DOWD: Well, one of the things that, one of the things that people have faulted the administration for is not building a more -- bigger and stronger bipartisan coalition on health care reform, that they're faulted for that. And even if you reflect back on President Obama, then candidate Obama, talked a lot about the desire and need to build a bigger and broader coalition in order to get things done. And we have pulled something from one of his speeches there that -- let's listen to it and then I want to talk about that.
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OBAMA: (inaudible) presidential politics. (inaudible) 50 plus one, but you can't get it. (inaudible). We're not going to pass universal health care with a 50-plus-one strategy.
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DOWD: Is it -- didn't the president, then candidate Obama, warn against just what the administration is doing and just what Democrats in the House and Senate are doing? He warned against exactly what's happening today.
SEBELIUS: Well, actually, I think part of the pace of this debate was a real attempt to have a bipartisan approach. The House bill had Republican support. In the Senate bill, there were months spent with six senators, three Republicans and three Democrats, in a room, negotiating, adding ideas to the bill, trying to figure out a strategy to move forward in a bipartisan fashion.
As you know, the Senate bill didn't pass 50 plus one, it passed with 60 votes, a supermajority, and I think the president would love to have Republican votes. What he has is lots of Republican ideas -- selling insurance across state lines, making sure that we crack down very aggressively on fraud and abuse, you know, moving forward.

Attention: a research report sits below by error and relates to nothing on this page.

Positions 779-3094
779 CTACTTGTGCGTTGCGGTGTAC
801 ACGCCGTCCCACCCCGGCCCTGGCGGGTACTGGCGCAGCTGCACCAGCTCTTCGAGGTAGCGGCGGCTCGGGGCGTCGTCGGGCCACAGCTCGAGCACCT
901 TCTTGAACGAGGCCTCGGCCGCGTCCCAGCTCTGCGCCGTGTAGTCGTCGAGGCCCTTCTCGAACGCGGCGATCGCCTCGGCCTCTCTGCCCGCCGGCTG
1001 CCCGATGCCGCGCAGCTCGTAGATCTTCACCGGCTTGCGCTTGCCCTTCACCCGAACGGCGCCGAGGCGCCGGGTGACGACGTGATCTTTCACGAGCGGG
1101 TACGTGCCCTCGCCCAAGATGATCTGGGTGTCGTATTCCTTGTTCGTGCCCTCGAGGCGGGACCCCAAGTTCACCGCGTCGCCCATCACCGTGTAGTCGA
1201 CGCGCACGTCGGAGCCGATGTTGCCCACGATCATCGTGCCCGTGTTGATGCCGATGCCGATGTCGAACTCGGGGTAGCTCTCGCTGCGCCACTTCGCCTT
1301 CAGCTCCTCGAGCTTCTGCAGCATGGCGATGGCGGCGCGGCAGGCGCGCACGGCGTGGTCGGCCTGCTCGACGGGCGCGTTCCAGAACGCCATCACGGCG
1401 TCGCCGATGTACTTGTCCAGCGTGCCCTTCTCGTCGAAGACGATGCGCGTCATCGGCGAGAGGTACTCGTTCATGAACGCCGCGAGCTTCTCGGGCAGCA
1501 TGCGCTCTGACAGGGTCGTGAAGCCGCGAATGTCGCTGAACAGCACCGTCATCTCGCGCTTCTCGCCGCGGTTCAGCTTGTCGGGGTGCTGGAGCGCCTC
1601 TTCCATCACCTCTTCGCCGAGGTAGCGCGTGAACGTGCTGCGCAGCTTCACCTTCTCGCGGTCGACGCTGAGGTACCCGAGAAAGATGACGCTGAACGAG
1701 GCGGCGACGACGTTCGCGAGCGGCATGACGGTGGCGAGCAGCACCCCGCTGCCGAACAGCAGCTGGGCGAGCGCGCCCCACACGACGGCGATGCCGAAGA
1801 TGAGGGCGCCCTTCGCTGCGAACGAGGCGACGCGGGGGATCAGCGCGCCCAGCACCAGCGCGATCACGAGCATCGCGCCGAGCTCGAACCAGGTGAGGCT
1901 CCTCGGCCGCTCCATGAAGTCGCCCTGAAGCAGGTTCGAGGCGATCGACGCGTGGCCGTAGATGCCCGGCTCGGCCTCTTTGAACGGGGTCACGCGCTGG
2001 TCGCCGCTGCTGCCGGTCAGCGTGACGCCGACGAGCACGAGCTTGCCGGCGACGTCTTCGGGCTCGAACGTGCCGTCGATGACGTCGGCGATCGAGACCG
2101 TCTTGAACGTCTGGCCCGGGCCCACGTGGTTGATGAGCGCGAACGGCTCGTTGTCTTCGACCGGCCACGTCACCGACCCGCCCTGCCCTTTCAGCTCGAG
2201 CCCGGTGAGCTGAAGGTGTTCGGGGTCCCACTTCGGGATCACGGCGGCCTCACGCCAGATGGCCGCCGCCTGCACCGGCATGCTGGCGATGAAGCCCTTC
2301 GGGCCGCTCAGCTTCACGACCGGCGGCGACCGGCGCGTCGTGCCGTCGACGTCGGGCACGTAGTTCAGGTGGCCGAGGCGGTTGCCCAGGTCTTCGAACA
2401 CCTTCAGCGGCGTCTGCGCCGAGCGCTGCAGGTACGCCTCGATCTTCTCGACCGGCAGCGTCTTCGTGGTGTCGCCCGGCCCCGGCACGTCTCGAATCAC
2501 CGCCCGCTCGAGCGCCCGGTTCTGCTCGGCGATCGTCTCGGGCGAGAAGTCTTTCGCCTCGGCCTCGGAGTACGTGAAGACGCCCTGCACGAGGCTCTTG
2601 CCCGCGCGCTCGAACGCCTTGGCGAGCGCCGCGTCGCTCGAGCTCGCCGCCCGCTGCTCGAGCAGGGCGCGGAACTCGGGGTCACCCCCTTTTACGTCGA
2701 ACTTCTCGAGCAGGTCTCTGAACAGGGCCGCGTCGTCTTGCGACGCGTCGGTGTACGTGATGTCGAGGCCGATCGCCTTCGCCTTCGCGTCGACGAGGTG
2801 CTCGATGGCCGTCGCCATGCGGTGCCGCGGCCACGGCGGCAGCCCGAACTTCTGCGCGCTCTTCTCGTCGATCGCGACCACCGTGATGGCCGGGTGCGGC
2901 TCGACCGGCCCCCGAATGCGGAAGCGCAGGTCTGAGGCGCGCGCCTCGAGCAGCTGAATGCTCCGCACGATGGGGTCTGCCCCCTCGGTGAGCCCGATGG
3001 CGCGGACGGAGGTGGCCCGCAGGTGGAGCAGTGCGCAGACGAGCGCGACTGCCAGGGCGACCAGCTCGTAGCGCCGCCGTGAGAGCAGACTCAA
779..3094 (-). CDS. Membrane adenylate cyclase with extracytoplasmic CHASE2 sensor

But there is a fundamental difference. The Republicans feel strongly that insurance companies should have less regulation than they do now, less consumer protection, less oversight. The president feels strongly that we need to change the rules of the road, that we can no longer have a private health system where insurance companies get to pick and choose, where they can lock people out and price people out. And that's really one of the fundamental divides. And even though there are lots of Republican ideas in the bill, I'm not sure -- you know, we are hopeful that there will be Republican votes, but I'm not sure there will be.
DOWD: Well, I think one of the big Republican concerns and a concern of a lot of other people, including Warren Buffett, who mentioned it this week, is that what is going to happen with costs? Is anything getting really done with costs? I think everybody agrees that coverage will be expanded to 30 million people or so, but cost is the real factor. And what three things in the bill will lower health care costs in the next three years? In the next three years, by 2012, what three things in the bill that the president is pushing will lower costs?